What is the SAT good for? is from The Washington Post.

The key problem the SAT changes won’t fix is also from The Washington Post.

College President: SAT Is Part Hoax, Part Fraud is from TIME.

But the main reason for this post is to reprint one I published a six years ago.

Here it is:

Thanks, Thomas Edison, For The Light Bulb, Phonograph and…the SAT?

Did you know that a test created by Thomas Edison inspired the creation of the not particularly useful SAT?

I didn’t, until I saw a short piece in the Mind Hack blog today. That post led to a much more descriptive article that appeared in the New Scientist magazine titled 163 ways to lose your job.

Edison apparently developed his ‘Brainmeter” test to evaluated the intelligence of job-seekers at his lab, and the test’s administrator went on to help create the SAT.

Both the blog post and article were pretty intriguing, but neither provided a link to the actual test. I found it at the National Park Service Edison National Historic site website, and you can take the test there (scroll down a bit).

How can this information be useful in today’s classroom, you might ask? Well, I have to admit the primary reason I’m writing this post is because I just found it interesting. However, even though the test isn’t accessible to English Language Learners, it might be fascinating to see what students might come-up with if they were asked to develop questions that they think would be effective in evaluating a person’s intelligence, and what criteria that might use to write them.

April 16, 2014
by Larry Ferlazzo

Around The Web In ESL/EFL/ELL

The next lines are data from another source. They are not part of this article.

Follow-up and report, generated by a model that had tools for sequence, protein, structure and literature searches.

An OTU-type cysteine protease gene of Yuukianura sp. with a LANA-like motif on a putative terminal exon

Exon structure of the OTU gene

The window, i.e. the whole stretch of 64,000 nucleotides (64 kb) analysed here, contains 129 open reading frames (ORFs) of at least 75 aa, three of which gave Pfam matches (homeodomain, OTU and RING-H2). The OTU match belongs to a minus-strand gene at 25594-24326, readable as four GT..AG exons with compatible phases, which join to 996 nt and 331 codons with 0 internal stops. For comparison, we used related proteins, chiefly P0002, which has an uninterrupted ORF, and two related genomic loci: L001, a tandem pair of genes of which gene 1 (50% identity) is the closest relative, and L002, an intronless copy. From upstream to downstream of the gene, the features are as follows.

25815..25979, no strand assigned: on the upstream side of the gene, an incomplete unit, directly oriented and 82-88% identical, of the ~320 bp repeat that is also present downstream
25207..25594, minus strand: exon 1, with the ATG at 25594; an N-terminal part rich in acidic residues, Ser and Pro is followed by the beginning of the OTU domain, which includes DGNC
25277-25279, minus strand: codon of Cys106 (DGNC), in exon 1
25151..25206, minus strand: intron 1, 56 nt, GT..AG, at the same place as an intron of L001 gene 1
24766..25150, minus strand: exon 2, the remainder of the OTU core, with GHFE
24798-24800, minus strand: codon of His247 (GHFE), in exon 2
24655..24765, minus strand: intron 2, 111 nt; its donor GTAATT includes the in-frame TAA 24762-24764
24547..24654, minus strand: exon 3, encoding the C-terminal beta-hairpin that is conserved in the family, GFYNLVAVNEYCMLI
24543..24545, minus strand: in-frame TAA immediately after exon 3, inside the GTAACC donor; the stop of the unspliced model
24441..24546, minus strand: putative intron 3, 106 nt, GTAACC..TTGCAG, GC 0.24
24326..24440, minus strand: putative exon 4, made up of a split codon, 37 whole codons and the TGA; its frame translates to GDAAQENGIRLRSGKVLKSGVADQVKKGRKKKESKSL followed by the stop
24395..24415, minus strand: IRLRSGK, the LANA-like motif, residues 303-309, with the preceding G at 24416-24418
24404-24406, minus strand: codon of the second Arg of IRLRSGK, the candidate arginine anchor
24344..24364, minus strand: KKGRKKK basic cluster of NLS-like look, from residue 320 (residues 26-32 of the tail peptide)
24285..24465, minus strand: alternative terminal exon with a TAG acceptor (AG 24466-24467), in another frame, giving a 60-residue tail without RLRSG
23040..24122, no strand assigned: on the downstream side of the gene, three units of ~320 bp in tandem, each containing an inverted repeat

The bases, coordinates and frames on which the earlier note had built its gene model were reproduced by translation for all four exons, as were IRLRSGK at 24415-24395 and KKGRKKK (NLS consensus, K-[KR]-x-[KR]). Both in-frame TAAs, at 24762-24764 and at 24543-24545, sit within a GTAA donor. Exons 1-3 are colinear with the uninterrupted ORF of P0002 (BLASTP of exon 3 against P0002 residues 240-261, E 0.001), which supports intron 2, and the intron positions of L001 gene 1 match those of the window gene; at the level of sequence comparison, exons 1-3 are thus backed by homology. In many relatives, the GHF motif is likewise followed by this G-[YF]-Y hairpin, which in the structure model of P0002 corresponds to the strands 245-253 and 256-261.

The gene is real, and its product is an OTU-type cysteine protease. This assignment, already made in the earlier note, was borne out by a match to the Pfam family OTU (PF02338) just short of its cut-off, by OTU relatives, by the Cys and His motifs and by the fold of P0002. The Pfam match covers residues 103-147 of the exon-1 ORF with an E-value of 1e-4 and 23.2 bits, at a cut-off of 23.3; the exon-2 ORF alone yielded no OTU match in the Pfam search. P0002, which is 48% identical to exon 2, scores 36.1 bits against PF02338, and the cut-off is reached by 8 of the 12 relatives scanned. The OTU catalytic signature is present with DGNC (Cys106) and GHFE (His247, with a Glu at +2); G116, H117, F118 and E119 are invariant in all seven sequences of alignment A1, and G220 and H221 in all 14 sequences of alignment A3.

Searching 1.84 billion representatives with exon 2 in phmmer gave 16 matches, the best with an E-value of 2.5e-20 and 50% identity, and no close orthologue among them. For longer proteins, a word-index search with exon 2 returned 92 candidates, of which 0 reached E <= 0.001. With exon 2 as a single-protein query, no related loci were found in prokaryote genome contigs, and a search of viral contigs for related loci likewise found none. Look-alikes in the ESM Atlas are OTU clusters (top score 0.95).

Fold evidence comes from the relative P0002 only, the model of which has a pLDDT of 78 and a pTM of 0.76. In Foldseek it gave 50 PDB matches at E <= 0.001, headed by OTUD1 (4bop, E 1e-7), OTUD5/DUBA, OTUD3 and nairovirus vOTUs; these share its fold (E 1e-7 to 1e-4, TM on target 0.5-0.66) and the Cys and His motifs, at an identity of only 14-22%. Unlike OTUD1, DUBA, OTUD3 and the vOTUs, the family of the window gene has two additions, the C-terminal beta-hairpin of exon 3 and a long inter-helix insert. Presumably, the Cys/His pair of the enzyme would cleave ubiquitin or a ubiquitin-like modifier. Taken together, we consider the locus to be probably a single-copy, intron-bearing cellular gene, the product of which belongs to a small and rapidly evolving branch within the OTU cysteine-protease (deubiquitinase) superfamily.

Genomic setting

'student teacher' photo (c) 2006, Rex Pe - license:

I’ve started a somewhat regular feature where I share a few posts and resources from around the Web related to ESL/EFL or to language in general that have caught my attention:

Innovation in education: looking for learning is by Lizzie Pinard. I’m adding it to The Best Sources For Ideas On How To Use Technology With English Language Learners.

“Red Light! Green Light!” Teaching Students How to Give Peer-Feedback During Speaking Activities is from Evan Simpson.

Play It Again And Again, Sam is from NPR and, I think, may help explain why jazz chants are effective in language instruction. I’m adding it to The Best Sites (& Videos) For Learning About Jazz Chants.

Aeon Magazine has a similar piece on that research. I’m adding it to the same list.

American English from the U.S. Department of State seems like a good resource of materials for teachers of English Language Learners.

The Future of ELT is by Gaven Dudeney.

10 Dictation Activites for EFL classes is from Online TEFL Training. I’m adding it to The Best Resources For Learning How To Use The Dictogloss Strategy With English Language Learners.

April 16, 2014
by Larry Ferlazzo

Surprise, Surprise — Study Finds Shouting At Children “creates further discipline problems”


To few teachers surprise, a new study has found that shouting at children is counter-productive. You can read all about it at Shouting at children ‘increases their behaviour problems’ in the British newspaper, The Telegraph.

There have been plenty of studies (and years of countless teachers experience) that have found the same thing (you can find out more at The Best Posts On Classroom Management).

Do I sometimes raise my voice at my class? Of course, we’re all human. But, fortunately, I seldom do so.